This blog post was written by JKP author of ACT Art Therapy and Post-Traumatic Stress Disorder and Art Therapy Amy Backos, PhD, ATR-BC.
Throughout humankind and across cultures, art has been used for personal and public expression. Think of the cave drawings found in the Huns Mountains of Namibia in Africa. Over 27,500 years old, these carvings into the rock walls significantly predate the hand drawings in caves in France and the petroglyphs on rocks in the United States. The act of “making our mark” satisfies a foundational need to see ourselves as both part of the collective, as well as a separate, unique being. In making art, we can feel we are worthy members of our communities by contributing our unique selves to the collective.
Reflecting on the primitive art as part of vital human expression helps us connect to the larger experience of being a human in a shared condition on this planet. Making our own marks on paper helps us connect to our lineage of humankind and artists. These primitive, human urges to make our mark still exist in all of us. Children today replicate the same scribbles, drawings simplified animals, and tracing their hands. Many artists and art therapists scribble and make primitive marks as a “warm up” before they begin a drawing or painting.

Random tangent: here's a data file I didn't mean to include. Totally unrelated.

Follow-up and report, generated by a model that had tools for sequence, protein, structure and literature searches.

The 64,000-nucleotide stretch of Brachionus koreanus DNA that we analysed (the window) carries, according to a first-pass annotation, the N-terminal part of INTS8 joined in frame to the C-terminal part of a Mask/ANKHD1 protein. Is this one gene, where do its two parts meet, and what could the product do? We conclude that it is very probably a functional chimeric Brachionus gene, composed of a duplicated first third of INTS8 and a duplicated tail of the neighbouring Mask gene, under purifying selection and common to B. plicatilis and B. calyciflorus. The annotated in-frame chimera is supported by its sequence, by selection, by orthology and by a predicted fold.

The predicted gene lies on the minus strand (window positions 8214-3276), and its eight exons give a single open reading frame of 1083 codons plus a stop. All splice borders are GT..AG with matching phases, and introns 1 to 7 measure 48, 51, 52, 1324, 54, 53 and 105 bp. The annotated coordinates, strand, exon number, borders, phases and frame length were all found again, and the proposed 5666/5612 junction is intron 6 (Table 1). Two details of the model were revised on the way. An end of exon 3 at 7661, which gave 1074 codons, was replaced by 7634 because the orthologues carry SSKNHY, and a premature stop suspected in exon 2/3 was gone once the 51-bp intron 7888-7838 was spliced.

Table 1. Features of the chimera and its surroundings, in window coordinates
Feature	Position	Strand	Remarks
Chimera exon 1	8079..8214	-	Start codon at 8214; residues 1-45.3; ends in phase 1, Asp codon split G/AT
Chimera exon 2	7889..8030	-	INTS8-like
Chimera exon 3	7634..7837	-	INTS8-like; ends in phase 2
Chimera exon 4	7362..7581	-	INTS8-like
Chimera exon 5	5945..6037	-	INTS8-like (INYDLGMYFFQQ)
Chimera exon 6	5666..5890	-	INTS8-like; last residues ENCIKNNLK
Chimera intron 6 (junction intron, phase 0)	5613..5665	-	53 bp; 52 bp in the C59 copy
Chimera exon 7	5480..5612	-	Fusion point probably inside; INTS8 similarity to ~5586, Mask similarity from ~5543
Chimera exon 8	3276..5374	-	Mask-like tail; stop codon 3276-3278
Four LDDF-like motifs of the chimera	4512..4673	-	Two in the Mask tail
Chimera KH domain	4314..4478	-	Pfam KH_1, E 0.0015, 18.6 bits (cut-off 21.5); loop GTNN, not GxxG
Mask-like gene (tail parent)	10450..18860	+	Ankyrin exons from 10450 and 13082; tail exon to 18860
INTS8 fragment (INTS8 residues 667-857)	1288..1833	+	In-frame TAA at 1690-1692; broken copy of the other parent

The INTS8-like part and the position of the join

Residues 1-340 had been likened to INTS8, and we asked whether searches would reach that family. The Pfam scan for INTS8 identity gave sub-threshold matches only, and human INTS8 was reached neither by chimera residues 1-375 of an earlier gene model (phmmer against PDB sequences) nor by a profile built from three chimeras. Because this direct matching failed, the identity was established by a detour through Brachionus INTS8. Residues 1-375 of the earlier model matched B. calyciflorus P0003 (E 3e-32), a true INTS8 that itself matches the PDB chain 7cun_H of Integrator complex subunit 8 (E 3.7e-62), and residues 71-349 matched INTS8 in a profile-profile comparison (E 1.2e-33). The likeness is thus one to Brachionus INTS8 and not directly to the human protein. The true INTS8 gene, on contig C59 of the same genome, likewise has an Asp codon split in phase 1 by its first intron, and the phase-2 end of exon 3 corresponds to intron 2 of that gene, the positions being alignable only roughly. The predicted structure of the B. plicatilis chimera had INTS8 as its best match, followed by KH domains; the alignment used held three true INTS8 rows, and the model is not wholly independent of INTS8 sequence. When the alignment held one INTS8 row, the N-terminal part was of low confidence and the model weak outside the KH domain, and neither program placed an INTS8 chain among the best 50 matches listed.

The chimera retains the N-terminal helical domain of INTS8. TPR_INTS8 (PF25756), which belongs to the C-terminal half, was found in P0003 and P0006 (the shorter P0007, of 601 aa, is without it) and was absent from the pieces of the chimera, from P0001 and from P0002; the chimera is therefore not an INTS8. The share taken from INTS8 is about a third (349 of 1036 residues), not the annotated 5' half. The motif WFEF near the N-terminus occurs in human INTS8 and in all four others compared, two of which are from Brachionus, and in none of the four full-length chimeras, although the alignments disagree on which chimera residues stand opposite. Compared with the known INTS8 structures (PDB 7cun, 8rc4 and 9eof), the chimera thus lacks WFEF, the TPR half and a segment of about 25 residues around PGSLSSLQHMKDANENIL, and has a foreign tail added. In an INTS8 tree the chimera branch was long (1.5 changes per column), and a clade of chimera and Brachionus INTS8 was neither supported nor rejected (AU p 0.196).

Art remains an easy-to-access mode of self-expression, accessing the more primitive parts of our brains to visually demonstrate our wishes, fears and hopes. Making marks on a page or moving clay in our hands offers a symbol far closer to our actual internal experiences than the symbol of words could ever capture. A feeling is a vibration in our bodies and scribbles and lines demonstrate these feelings in powerful ways without relying on the verbal centers of our brains. We can also express ourselves in art for the purpose of validating a feeling or changing how we feel.
Furthermore, the creative process helps us know ourselves, others, and our wider experience in the world. In art, we can ask of ourselves, “How do I feel? What am I experiencing that I am not saying?” Furthermore, art expression gives us the external tool to decide what we want to do with this inner knowledge. From artistic expression flows creative thought and problem solving.